Where applicable, officers should advise parents about the requirements to submit a sponsorship or citizenship application, including the need to identify their case for priority processing by writing “Haiti” on the mailing envelope.

All local offices should have a list of designated medical practitioners in case a client requires this information..

Once permanent resident visas are issued to children whose applications have been sponsored, local offices will be responsible for completing the immigration process by having the adopted child and parent(s) attend the office so that the child can be granted permanent residence.

New and Existing Cases (children still in Haiti)

Following the earthquake, CIC received numerous requests from Canadian citizens or permanent residents who were in the process of adopting or wanted to adopt children from Haiti. In some cases, the process was in its initial stages, but many more were new cases where the parent had not yet been matched with a child or the province had not completed a home study and issued a LONO. Parents continue to contact CIC with inquiries on the adoption process. The following procedures have been developed to address this issue.

If prospective adoptive parents contact the call centre, a local CIC or the Questions-Haiti mailbox, the following information should be provided depending on the nature of their question:

  • For cases that were in process before January 12, 2010, where a letter of no objection (LONO) has not been issued by the province, parents are to be advised to contact their provincial adoption authorities to discuss the case.
  • In adoption cases where a child was not presented as a match for the adoptive parents before January 12, 2010, the prospective parents should be advised that until the Haitian government reinstates a recognized international adoption process, CIC cannot process the case. Persons seeking to adopt should remain aware of the situation in Haiti as it changes and take the necessary steps to prepare all paperwork required by their provincial authorities to obtain provincial approval. This will enable their cases to move more quickly through the adoption process and be ready for processing by CIC at an earlier date.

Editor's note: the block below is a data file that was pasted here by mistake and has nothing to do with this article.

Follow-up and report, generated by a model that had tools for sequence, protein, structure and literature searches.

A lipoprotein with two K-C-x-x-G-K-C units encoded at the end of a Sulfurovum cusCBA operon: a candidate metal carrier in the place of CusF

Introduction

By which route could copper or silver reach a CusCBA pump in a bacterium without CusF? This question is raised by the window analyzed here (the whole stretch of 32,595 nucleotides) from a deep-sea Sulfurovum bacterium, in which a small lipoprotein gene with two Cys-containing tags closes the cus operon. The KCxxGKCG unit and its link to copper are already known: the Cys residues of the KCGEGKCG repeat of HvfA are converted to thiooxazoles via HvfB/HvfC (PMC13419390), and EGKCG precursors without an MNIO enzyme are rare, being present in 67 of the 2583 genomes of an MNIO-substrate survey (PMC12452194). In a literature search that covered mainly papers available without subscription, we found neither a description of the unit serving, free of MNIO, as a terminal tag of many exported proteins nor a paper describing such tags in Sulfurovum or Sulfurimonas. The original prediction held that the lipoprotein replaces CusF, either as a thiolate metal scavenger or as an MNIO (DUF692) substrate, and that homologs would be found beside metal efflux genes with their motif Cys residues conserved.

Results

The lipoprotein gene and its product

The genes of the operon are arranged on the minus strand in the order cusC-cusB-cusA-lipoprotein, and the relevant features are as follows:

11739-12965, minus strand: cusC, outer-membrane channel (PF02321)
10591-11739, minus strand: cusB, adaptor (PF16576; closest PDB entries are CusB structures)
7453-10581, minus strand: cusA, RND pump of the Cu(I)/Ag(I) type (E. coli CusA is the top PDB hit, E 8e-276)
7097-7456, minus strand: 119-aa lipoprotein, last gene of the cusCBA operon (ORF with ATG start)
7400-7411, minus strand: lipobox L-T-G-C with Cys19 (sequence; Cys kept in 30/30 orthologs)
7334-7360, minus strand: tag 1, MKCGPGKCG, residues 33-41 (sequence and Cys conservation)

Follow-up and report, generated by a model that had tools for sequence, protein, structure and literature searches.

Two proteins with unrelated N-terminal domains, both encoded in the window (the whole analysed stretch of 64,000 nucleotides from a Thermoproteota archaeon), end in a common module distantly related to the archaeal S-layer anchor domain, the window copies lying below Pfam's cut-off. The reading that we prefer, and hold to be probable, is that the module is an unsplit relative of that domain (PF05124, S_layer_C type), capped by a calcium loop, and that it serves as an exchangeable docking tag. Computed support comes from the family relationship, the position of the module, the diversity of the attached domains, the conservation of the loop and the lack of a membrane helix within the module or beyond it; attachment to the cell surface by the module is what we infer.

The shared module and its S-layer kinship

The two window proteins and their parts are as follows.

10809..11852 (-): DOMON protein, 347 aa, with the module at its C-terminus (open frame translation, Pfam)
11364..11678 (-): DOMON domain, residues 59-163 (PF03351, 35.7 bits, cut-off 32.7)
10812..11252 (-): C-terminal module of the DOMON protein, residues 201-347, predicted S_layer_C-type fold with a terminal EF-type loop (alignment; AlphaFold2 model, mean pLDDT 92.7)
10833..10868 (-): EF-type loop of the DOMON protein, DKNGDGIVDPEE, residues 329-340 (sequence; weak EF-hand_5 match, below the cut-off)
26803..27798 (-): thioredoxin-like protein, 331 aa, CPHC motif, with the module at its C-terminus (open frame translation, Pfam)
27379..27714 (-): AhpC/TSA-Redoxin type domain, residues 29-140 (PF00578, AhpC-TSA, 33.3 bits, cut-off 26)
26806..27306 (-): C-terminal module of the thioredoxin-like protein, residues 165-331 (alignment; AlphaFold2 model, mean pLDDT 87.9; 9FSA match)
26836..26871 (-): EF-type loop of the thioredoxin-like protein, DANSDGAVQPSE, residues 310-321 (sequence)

• For those wishing to submit an application for an orphaned relative who is not a member of the family class (i.e. is not a sibling, niece, nephew or grandchild who is under the age of 18), the child must be adopted in accordance with normal intercountry adoption procedures.
  • For those wishing to submit an application for an orphaned relative who is a member of the family class (R117(1)(f)), an adoption is not necessary. Please refer to OB 179B.

Applicants who do not hold a prescribed travel document

In finalizing adoption applications for permanent residence, officers will encounter applicants who may not be able to present a prescribed travel document as required by R10(1)(c) and R50(1). The Minister has exempted foreign nationals that have been processed for permanent residence in either the family or economic class, directly affected by the situation in Haiti and unable to present a prescribed travel document from their country of nationality, from the requirements of R10(1)(c) and R50(1) by way of a temporary public policy.

Adoptees who have not yet entered Canada may travel to Canada on a Single Journey Travel Document (SJTD) (IMM 5565) issued with an IM-1 visa counterfoil to facilitate obtaining permanent resident status, for the duration of the public policy. For detailed instructions on the procedures for completing an SJTD, officers should consult RIL 05-028 and OP 16/ENF 32/ IP 12.

Expiry of initiative

This initiative will remain in existence until further notice.